Healthy spaces

Why healthy spaces? 

Healthy spaces refer to the emotional, learning, teaching and working related components of a classroom and a school. Making your own health and well-being a priority is important, because in order to be effective teachers and leaders, we have to be healthy ourselves. Prioritizing this isn’t always easy. Many of us are trying to balance busy personal lives and responsibilities, our roles as professionals in the workplace and meeting the needs of students. It’s no surprise that many surveys and polls indicate that not feeling ‘good enough’ is a common experience among teachers.

What are the essential features?

The components for a healthy space include:

  • safety (emotional, relational, physical, cognitive, and professional),
  • autonomy (for teachers and for students),
  • opportunity (to try, to fail, to succeed, to learn from both success and failure) and support.

Building healthy school communities

How we build healthy school communities? PHE Canada’s Health Promoting Schools program is built on 5 pillars:

  • Teaching and Learning
  • Physical and Social Environment
  • Evidence
  • Policy
  • Community Partnerships and Services

This approach ensures that the health needs of the school community are taken care of in a holistic manner.  For example, teaching students about the importance of healthy eating (Teaching and Learning) is more likely to change behaviour if healthy foods are also sold in the cafeteria (Physical Environment) and staff and peers model healthy eating behaviours (Social Environment). 

The resources you will find here address building healthy spaces from a number of directions

  • working with students and their families,
  • ideas for parents, working with colleagues, and
  • working within systems.

Many of these resources have been developed by your teacher colleagues. We have recommendations for other programs and resources that come with credibility from research and practice, to help you build healthy spaces for yourself and your students.

Making mental health a priority is a key feature here. Building it in to everyday practice is critical.

Suggested resources

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Teacher self care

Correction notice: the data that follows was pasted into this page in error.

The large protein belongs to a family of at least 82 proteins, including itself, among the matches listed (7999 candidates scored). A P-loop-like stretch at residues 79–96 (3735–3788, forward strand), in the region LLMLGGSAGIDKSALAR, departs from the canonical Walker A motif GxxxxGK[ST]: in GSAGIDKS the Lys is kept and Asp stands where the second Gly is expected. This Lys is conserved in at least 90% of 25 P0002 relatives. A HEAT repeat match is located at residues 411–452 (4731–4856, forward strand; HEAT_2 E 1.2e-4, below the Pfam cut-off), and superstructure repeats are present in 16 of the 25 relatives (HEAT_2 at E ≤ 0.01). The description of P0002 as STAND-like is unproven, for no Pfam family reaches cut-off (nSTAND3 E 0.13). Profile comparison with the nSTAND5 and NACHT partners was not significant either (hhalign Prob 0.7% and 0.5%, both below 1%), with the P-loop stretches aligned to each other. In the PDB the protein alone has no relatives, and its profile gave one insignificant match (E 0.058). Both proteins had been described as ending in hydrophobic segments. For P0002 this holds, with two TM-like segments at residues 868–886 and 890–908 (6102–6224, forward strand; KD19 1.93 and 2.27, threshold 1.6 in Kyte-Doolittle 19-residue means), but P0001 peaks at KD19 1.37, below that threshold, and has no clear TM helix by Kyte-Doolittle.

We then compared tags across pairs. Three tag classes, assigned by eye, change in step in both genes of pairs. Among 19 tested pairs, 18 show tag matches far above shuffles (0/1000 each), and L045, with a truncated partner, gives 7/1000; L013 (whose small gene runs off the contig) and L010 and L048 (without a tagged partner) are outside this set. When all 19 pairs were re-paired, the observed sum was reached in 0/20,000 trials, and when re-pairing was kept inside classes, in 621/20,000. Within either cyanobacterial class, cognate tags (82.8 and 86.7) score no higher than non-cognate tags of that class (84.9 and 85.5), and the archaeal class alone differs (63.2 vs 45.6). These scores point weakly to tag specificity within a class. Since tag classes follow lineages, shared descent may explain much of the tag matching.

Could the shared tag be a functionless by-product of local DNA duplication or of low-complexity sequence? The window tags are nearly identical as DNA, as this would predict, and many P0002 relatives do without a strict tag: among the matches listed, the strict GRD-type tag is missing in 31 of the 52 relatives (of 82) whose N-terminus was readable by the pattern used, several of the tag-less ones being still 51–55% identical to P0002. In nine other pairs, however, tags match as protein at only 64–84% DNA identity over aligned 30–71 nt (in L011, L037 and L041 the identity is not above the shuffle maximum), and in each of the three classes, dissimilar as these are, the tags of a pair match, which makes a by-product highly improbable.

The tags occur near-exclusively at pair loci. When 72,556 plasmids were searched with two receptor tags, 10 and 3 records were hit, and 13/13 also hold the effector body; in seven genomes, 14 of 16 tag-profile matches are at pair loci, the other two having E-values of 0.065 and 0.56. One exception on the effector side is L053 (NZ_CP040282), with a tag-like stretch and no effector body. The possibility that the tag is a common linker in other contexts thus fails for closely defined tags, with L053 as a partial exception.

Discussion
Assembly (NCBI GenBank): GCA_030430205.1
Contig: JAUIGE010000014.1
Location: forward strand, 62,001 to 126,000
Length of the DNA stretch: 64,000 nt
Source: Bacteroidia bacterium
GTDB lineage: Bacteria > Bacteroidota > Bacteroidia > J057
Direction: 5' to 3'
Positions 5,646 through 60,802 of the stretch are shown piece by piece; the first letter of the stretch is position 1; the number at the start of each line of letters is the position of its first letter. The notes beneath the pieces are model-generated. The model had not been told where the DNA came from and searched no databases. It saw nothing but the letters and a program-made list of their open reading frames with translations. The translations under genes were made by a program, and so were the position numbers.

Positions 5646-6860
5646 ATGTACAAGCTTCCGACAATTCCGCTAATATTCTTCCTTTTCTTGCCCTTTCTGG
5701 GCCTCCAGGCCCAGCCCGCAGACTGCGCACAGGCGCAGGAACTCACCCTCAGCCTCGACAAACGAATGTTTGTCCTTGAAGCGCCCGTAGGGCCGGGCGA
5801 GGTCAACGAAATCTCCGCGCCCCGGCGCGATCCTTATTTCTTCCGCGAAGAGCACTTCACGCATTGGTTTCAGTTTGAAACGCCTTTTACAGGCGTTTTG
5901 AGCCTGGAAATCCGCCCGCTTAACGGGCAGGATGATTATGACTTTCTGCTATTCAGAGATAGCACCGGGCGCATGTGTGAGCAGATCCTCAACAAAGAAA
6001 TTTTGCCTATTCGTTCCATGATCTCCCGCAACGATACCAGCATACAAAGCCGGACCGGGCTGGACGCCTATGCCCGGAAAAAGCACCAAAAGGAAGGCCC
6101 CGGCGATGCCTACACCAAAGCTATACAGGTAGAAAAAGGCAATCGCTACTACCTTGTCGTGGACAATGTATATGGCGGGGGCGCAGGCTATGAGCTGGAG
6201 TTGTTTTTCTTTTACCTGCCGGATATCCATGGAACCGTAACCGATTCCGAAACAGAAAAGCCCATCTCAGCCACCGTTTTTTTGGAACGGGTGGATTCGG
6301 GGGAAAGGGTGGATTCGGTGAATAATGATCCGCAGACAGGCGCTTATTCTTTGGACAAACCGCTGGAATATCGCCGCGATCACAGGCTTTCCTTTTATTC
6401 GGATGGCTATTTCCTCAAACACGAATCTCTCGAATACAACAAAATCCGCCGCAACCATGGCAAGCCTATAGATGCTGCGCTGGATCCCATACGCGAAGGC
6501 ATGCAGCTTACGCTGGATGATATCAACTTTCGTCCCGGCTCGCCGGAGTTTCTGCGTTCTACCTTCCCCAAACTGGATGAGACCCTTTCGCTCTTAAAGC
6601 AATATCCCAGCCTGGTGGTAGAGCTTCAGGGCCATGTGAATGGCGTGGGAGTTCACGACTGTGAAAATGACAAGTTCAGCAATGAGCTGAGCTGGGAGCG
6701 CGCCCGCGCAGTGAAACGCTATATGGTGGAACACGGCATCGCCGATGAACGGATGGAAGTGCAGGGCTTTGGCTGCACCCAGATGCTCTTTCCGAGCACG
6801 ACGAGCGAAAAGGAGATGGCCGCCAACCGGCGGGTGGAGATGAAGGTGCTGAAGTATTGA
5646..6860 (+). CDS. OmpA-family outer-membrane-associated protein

What did you wish you knew as a new teacher?

Experienced teachers offer tips and advice to new teachers. 


Teacher focused wellness tips

Created by teachers and for teachers, this infographic offers top tips on how to maintain mental wellness. 


Administrator focused wellness tips

Experienced principals offer top tips on how to build and maintain a mentally healthy working environment. 


Stop calling it stress leave 

This podcast discusses the state of mental health awareness within the profession of education. 


Burned in: fuelling the fire to teach

A book to inspire, motivate, and sustain teachers on all levels of their journey. Help fuel educators’ passion for teaching so they stay ''burned in'' instead of burning out.

 

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Working with students

Tough conversations 

Mary Ott, a skilled researcher with over 10 years of experience in special education, talks about the tough conversations that occur between schools and parents about child mental health. [podcast] 


Student focused wellness tips

21 practical strategies to be used in the moment when talking to students about concerns, or to help build stronger relationships and accepting classroom environments. 


EduGAINS: Video resources

EduGAINS is a website for ministry developed resources to support policies and programs related to improved learning and teaching – K. to 12 - in Ontario schools.